'92 returns to studies, reflects on Marine life

by Devin Foxall | 4/9/03 5:00am

For formerly active Marine Cpl. Harry Maldonado '92, the choice between Dartmouth and the world of Baghdad and Nasiriya is clear. If he had that choice, he'd pick the latter.

"I like being at Dartmouth, but to be honest, I'd rather be over there," said Maldonado, who is currently on campus finishing his studies. "I don't feel like this is my place right now. My heart is over there with those guys. If I could do anything, I'd be there in a second."

In an interview with The Dartmouth, Maldonado spoke bluntly about what Marines in Iraq are currently undergoing and what they will face on their return home.

Maldonado recalled asking a Vietnam veteran in 1993 at Camp Futenma, a military base in Okinawa, Japan, how he experienced life after the war. The Master Gunnery Sergeant, who had earned the Navy Cross -- the second-highest military award -- responded curtly.

"Don't talk to me, Lance Corporal, get the fuck out of my face," Maldonado remembers him saying.

Two weeks later, the older Marine apologized and sat down with Maldonado to explain that the events from two decades before still haunted him, infiltrating his sleep in the form of nightmares.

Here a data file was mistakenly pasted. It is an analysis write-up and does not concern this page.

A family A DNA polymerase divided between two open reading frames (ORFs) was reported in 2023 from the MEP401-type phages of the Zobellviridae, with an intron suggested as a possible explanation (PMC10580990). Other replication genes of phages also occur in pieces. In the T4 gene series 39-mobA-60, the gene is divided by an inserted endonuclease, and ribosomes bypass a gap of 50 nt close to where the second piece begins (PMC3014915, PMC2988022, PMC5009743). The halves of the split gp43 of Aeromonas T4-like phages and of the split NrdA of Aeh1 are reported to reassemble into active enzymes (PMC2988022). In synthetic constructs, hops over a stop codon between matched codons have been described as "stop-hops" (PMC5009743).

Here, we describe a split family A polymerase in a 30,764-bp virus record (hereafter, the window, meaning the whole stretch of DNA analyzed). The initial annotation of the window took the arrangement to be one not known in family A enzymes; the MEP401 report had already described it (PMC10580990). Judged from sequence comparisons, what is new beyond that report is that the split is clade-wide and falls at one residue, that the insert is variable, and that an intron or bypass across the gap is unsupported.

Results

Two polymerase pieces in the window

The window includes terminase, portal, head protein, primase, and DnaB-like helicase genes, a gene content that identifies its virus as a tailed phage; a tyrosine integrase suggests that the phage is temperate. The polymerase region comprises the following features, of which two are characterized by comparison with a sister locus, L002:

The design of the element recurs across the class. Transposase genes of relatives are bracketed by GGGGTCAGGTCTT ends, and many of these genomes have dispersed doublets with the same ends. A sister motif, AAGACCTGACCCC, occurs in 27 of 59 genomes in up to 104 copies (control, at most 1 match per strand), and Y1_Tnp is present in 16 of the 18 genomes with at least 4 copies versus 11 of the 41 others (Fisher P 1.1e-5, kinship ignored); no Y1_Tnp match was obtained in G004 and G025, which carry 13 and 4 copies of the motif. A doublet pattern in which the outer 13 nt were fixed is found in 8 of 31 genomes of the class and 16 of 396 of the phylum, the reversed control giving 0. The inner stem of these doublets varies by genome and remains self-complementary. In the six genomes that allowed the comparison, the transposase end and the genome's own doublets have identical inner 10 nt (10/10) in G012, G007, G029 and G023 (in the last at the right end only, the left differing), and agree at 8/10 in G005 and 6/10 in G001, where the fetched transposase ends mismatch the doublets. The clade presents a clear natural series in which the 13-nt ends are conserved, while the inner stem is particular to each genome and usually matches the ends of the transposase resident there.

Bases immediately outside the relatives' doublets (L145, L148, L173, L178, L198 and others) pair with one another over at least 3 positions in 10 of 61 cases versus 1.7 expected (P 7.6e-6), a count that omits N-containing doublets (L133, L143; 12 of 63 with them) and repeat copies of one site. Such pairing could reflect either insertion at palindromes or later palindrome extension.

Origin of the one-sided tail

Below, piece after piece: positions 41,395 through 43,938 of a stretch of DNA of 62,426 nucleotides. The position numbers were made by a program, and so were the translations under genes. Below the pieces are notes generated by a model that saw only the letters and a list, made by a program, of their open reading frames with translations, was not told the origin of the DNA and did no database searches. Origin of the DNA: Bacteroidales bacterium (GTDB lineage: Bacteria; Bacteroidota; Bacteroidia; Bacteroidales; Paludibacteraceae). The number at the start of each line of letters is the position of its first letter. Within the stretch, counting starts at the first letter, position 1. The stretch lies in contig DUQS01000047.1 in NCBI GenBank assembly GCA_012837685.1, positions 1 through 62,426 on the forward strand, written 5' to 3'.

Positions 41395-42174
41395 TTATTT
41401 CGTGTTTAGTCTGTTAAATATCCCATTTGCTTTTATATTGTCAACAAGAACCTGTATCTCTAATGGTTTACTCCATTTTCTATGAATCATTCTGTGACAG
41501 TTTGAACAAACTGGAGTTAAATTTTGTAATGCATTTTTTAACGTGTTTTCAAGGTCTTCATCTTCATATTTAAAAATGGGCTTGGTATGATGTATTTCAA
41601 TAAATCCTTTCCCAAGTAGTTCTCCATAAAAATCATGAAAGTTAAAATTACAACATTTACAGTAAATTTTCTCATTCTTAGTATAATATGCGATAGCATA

"These guys live with it everyday," said Maldonado. Honorably discharged in 1997, Maldonado remained involved with the Corps until 2000, after eight years of service. He has since kept in close contact with his fellow Marines.

"All those guys have to live with those residual emotions, and there's just no easy way to do it," said Maldonado. "So when they speak about it, you got to listen."

Maldonado, who left Dartmouth in 1991 due to financial concerns, has been in phone contact over the last few weeks with Marines currently serving in Iraq. His correspondence with them has illuminated humans driven by duty and a desire to end Saddam Hussein's regime, but also desperate for the war's bloodshed to be over and to return home.

The Marines -- and all those fighting -- are all too human, Maldonado emphasized, and each burst of violence may leave scars that they will have to live with when the adrenaline ebbs away.

For the Marines, the phone conversations with Maldonado serve as a conduit to a normal world. Mostly, they want to know "what's going on here," Maldonado said. "They want to know if they're being supported; they want to know if [Derek] Jeter is still hurt. You want to take your mind, for that brief moment, away from that situation ... They like to let off some steam, hear what the real world is like."

Their greatest desire is "just for it to be over quick," Maldonado said.